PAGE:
"The other component of corn silage we need to consider is NDF," Fithian says. "It's part of the fiber fraction, but it is digestible to some extent, digesting slowly. If the silage has a high NDF, it reduces the animal's intake. So, if forage is the primary energy component, you should select for low ADF and a low NDF, or a high in vitro digestibility."

Harvest It Right Assuming Mother Nature doesn't get in the way, harvesting silage on time and ensiling it correctly can be planned almost to the day. However, if your best-laid plans aren't going to work, harvesting early is an option, according to Keith Bolsen, animal science professor at Kansas State University.

He says for corn, sorghum and small grain cereal silages, it's better to harvest early rather than late, but don't harvest above 70-72% moisture.

"Earlier harvested silage will have a lower pH, a higher acid content and a chance of greater dry matter (DM) loss than late-harvested silage. However, the later-harvested crop will be difficult to chop and pack. It also will be more aerobically unstable during the feedout phase than early-harvested silage," Bolsen says.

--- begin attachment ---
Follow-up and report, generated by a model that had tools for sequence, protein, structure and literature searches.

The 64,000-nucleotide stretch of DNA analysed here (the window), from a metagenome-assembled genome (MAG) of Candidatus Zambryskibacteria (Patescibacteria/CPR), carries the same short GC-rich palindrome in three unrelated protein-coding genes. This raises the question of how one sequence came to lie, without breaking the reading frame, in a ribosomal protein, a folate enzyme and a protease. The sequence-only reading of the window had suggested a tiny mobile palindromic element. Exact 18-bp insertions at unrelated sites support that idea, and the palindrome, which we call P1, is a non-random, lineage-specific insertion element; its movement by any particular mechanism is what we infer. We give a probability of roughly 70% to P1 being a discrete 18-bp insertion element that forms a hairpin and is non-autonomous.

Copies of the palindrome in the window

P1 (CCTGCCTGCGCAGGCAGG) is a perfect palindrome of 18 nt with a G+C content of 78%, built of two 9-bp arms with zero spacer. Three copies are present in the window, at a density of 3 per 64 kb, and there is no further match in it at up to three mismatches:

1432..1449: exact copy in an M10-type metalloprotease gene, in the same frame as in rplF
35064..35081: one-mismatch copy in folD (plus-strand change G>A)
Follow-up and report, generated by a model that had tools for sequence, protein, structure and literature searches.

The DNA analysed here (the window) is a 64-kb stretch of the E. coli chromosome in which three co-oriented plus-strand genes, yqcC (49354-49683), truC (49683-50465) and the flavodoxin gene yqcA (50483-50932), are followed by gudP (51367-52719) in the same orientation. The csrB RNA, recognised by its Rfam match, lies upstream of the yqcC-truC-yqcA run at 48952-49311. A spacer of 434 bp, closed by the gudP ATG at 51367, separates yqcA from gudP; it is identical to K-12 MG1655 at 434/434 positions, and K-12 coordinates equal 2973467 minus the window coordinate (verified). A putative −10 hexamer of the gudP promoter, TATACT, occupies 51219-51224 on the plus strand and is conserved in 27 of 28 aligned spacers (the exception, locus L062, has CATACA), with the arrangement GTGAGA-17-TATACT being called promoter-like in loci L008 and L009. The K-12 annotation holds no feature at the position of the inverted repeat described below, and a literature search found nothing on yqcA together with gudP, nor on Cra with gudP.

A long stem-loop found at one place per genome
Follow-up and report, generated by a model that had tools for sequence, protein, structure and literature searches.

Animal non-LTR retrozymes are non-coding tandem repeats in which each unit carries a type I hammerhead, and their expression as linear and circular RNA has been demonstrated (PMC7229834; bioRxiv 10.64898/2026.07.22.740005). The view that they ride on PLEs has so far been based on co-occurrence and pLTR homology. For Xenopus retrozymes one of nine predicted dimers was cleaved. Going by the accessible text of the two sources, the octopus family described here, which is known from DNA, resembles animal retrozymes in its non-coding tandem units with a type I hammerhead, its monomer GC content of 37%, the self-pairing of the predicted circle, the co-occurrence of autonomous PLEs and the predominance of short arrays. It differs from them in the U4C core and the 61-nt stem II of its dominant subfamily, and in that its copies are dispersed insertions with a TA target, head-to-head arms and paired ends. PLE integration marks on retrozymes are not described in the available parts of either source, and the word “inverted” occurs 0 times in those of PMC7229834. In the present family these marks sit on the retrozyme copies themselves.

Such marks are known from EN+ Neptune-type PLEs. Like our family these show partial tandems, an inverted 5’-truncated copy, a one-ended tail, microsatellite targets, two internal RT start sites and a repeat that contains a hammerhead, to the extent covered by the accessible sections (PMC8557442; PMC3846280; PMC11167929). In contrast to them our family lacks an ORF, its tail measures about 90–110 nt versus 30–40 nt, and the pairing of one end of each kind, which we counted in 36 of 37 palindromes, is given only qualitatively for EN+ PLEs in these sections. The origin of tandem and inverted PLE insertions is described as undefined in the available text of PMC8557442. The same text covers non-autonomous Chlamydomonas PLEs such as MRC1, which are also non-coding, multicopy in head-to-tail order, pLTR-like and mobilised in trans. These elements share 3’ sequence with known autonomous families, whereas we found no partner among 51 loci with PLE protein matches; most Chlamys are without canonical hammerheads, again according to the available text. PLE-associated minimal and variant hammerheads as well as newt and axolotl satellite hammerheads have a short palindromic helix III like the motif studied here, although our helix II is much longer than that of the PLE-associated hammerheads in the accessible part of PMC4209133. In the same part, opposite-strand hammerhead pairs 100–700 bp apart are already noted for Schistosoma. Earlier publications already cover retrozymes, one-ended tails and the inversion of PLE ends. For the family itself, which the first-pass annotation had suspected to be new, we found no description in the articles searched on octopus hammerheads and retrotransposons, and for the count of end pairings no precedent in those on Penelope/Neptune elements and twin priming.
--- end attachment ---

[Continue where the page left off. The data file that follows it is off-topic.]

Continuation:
Ideally, a longer period to harvest at higher moistures is the goal. Determine this harvest window by working back from your optimum harvest date. Beck says to select your harvest date based on the tonnage you need; your historic yield factor and the number of acres you will harvest. Once this is done, you can match hybrids to a specific period.

"Depending on the size of your operation, staggered or synchronized planting is a good approach," Beck says. "You'll get more selection and yield if you select hybrids with very high forage yield during short maturity dates. Pick two or three hybrids to plant so you have a maturity synchronization in the fall.